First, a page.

Stoddard said he was motivated to keep going by a desire to get on a career path that would provide him with steady work and a decent income — ideally in a field where he could express himself creatively.

Another motivating factor was his son.

“I wanted to set a good example for him,” he said.

Now, Stoddard is one class away from completing his associates degree in design and media studies, as well as a certificate in graphic design.

He will also be the first generation of his family to graduate college.

Stoddard admitted he was reluctant to attend CCV at first. He feared that, as a middle-aged, non-traditional student, he wouldn’t be accepted by his fellow classmates. He quickly learned that was not the case.

“All my classes have been really supportive. I have had a lot of other classmates that are my age or older,” he said. “ So I think that was inspiring.”

Stoddard’s story is a common one at CCV, where first-generation students represent 55% of the school’s total population, according to Elizabeth King, director of student and career services.

Because it has such a high number of first-generation students, or “first-gens,” King said CCV has designed its resources and supports to meet their unique needs and help them overcome the various obstacles they face.

“When they’re coming to us, they come with much more uncertainty in their lives than more traditional students,” she said. “It’s just a very different mindset, especially when you’re working or you have children, and you’re responsible for other things in your life.”

In addition to having access to an adviser, online tutoring services and limited one-on-one tutoring, students also benefit from multiple scholarships and even an “life-gap fund” that helps pay for unanticipated financial crises like a flat tire, unexpected medical bills or text books.

Free tuition is also available for low-income students and for students pursuing degrees in high-demand fields, like allied health and early childhood education.

First-gens also have access to the TRIO Student Support Services program, a selective, federally funded program that serves up to 225 students.

TRIO students have access to a suite of supports, including a dedicated adviser, a faculty coach who provides academic support and life coaching, private tutoring, financial literacy instruction, workshops, career instruction and financial assistance through grants.

King said those supports are crucial because first-gens typically struggle to stay enrolled in college.

According to the Education Advisory Board, 33% of first-generation students nationally don’t persist in their education.

Those numbers are even higher in a smaller state like Vermont. King said CCV data from the fall of 2019 revealed that only 40% of first-generation and low-income students persisted.

“School is … one of the first things to go,” said King. “It becomes a luxury item that they need to let go because they need to tend to children, family, work and other barriers in their lives.”

“We just really want to help first-generation students know that college is an option for them,” she added. “If they can envision it, we can help them to do that and then we can help them to succeed.”

As a single father working to make ends meet while attending college full time, Stoddard is familiar with those challenges.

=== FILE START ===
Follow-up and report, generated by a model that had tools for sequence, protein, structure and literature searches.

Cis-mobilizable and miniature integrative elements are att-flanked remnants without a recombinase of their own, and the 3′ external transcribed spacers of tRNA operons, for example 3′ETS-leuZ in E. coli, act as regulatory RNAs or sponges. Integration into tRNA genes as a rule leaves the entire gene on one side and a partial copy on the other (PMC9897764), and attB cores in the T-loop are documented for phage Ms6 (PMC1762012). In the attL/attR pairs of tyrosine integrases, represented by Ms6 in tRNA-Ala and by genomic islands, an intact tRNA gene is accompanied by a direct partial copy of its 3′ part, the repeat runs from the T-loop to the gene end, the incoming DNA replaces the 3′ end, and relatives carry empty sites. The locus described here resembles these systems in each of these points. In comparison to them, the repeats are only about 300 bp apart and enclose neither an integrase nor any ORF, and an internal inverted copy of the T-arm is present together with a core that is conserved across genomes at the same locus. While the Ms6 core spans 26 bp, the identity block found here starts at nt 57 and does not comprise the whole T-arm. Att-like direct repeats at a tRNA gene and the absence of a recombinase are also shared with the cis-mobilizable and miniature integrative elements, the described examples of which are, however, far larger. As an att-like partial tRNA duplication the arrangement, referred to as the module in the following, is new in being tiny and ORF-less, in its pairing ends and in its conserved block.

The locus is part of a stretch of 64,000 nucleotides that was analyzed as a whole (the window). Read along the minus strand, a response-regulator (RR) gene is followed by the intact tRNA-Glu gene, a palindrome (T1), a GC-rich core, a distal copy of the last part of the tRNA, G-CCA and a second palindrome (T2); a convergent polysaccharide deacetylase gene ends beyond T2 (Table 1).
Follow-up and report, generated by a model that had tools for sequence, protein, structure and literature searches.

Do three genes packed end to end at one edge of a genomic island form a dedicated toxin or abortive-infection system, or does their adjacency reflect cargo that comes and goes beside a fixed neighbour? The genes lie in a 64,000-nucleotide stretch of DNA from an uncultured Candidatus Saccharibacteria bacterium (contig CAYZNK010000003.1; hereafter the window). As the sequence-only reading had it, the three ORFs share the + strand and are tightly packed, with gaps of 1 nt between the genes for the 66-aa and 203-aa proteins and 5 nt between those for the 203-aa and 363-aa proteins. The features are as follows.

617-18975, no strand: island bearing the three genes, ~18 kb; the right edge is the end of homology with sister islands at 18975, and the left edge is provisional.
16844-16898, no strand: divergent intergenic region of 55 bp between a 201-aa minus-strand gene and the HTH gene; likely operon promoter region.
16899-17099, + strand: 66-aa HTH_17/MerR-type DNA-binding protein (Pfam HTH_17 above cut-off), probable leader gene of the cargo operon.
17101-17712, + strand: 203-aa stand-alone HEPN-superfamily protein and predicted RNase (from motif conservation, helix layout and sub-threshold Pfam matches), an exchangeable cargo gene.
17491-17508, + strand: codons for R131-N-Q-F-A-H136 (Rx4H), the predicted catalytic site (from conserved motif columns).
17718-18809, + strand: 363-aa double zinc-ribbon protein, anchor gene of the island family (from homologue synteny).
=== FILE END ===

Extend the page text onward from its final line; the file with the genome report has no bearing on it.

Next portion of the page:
“It’s a constant struggle,” he said.

He noted that feelings of isolation and depression brought on by the pandemic only made things more difficult.

Stoddard said he is grateful to have support from his academic adviser Nate Astin and TRIO coach Carol Tashie, who kept him focused on school when things got tough.

“Nate and Carol were always there for me,” he said. “Whatever I needed, they would find a way, they would be there to just, kind of, even mentally support me.”

Sometimes that support was also material, such as when Astin and Tashie helped Stoddard secure grant money to pay his electric bill or buy a new computer so he and his son wouldn’t have to share one while they were both learning remotely last year.

Astin called Stoddard an inspirational student, who advocates for himself and faces challenges head on.

“I’ve been very impressed and heartened to see how much he’s done, how much progress he’s made considering the hand he’s been dealt,” he said.

Astin added that Stoddard was also “one of the nicest students I’ve ever met.”

As Stoddard’s TRIO coach, Tashie said she served as his sounding board, advocate and cheerleader.

“Matthew has always impressed me as someone who, despite the many obstacles placed in his way, will rise to the top and make great things happen,” she said, noting his sincerity, honesty and creativity.

She said that while he might not be a traditional college student in terms of age and experience, “he brings to the table the skills, talents and personality to be successful.”

“I don’t have ‘hopes’ for Matthew, I have confidence — confidence that he will achieve his dreams,” said Tashie. “What a joy it is to work with someone so motivated and determined to create an enviable life for himself and his son.”

With CCV nearly behind him, Stoddard is planning to enroll at Castleton University to pursue his bachelor’s degree.

He hopes to get a job in graphic design or web design and, eventually, even start his own business.

While initially apprehensive about college, Stoddard said he is glad he persevered and grateful to those who helped him along they way.

“Now, I can’t imagine not doing it,” he said.


In Rutland Town, snow blankets the ground after a recent wintry storm.

Snowy lane